21 December, 2013: In the most unlikely of places, a murmur of dissent — a handful of people gathered recently at a condemned building in the old Art Deco region of Monaco, protesting an old favorite building’s demolition.
Monaco is humorously, if seriously, referred to as a kind of consensual dictatorship – it is governed by Prince Albert II, a 55-year-old former playboy who took over the job after his father, Prince Rainier, died in 2005.
The demonstration appeared more to be an issue of style preference and an ode to an era forgotten in the face of Monaco’s increasingly modern, and some might argue, tasteless propensity for buildings devoid of history and character. Given Monaco’s size, the only way to bring in new construction for the ever —increasingly prosperous principality is to demolish the old and build on top of it. When it was announced that S.B.M, Monaco’s dominant force behind the entertainment and tourism industries, planned on tearing down the Sporting d’Hiver, long known as a holding some of Monaco’s most historically famous charity balls- critics of the plan tried to block it.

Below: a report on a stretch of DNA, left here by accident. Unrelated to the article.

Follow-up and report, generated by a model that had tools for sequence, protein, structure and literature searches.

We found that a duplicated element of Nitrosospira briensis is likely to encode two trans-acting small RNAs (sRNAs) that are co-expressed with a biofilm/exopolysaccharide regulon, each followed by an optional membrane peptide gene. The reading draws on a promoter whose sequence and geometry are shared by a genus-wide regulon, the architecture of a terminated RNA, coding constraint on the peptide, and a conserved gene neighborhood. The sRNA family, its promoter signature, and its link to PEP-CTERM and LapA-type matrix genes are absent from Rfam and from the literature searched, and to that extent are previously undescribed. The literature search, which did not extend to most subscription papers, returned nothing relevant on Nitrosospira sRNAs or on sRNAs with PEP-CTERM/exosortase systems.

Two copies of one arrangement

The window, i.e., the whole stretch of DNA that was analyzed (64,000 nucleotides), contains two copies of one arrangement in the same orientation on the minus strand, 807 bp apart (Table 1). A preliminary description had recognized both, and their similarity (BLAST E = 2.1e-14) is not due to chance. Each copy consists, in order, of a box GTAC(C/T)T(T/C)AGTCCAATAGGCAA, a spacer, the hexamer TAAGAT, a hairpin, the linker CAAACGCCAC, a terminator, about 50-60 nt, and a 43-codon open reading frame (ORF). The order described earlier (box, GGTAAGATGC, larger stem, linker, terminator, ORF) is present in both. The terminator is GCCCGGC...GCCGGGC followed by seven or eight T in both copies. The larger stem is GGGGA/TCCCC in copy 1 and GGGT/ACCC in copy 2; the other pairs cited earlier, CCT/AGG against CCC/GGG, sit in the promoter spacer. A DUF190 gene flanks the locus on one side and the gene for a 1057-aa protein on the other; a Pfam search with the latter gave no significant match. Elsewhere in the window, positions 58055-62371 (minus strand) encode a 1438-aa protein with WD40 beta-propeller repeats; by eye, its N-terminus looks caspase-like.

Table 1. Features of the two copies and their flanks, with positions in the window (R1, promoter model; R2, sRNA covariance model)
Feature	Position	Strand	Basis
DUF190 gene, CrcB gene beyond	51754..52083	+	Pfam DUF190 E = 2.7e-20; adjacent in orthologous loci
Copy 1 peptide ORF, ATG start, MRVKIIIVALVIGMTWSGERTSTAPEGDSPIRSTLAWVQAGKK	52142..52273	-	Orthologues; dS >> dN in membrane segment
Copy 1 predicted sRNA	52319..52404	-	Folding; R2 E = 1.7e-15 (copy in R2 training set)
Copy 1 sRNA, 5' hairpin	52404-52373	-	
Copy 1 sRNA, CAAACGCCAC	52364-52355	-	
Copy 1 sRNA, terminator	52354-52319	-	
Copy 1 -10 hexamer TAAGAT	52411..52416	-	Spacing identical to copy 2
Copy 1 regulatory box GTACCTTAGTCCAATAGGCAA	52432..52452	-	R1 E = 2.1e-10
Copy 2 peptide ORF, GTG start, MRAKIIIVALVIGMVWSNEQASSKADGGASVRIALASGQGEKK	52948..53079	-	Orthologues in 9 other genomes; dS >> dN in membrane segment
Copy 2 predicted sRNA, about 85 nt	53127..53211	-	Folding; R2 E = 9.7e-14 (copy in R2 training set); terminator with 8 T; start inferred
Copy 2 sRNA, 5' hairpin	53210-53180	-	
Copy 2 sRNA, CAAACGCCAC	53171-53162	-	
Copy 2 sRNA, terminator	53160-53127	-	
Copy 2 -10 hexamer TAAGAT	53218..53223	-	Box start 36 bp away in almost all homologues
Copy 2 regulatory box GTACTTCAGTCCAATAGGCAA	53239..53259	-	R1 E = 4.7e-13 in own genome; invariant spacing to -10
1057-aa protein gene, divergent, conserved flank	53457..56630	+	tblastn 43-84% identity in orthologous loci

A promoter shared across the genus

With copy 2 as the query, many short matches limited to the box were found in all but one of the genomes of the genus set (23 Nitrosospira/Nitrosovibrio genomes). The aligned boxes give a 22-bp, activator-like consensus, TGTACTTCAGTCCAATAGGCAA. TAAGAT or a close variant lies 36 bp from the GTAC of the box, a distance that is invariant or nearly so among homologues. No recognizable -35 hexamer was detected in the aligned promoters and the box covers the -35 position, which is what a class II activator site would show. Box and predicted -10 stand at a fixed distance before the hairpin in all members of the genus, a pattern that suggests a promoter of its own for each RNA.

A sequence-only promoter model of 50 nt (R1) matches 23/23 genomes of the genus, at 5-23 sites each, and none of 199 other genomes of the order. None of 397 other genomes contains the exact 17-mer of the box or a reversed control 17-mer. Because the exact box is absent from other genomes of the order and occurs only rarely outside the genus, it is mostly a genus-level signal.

A flurry of activity ensued — workers walked off their jobs for an hour strike, and preservationist lobbied with lawmakers at the National Council, journalists wrote highly charged editorials, held public meetings and an online petition of the plan drew over 1,000 signatures.
James Lewis, head of content for www.icon-property.com commented, “It is rare that such an outpouring of public support opposing one of the largest and most visible firms in Monaco comes about. People traditionally hold their status of living and being in Monaco with the unspoken rule of not publically opposing the powers that be.”
“What we are seeing is a question of resident’s being aesthetically involved in the community, which makes sense,” Lewis continues. “Monaco is a principality that houses some of the world’s richest and most talented artists, some of the oldest families with all the class garnered from histories of wealth — and they are letting their voice be heard. Only the future will tell if S.B.M and Prince Albert II will heed the call.”
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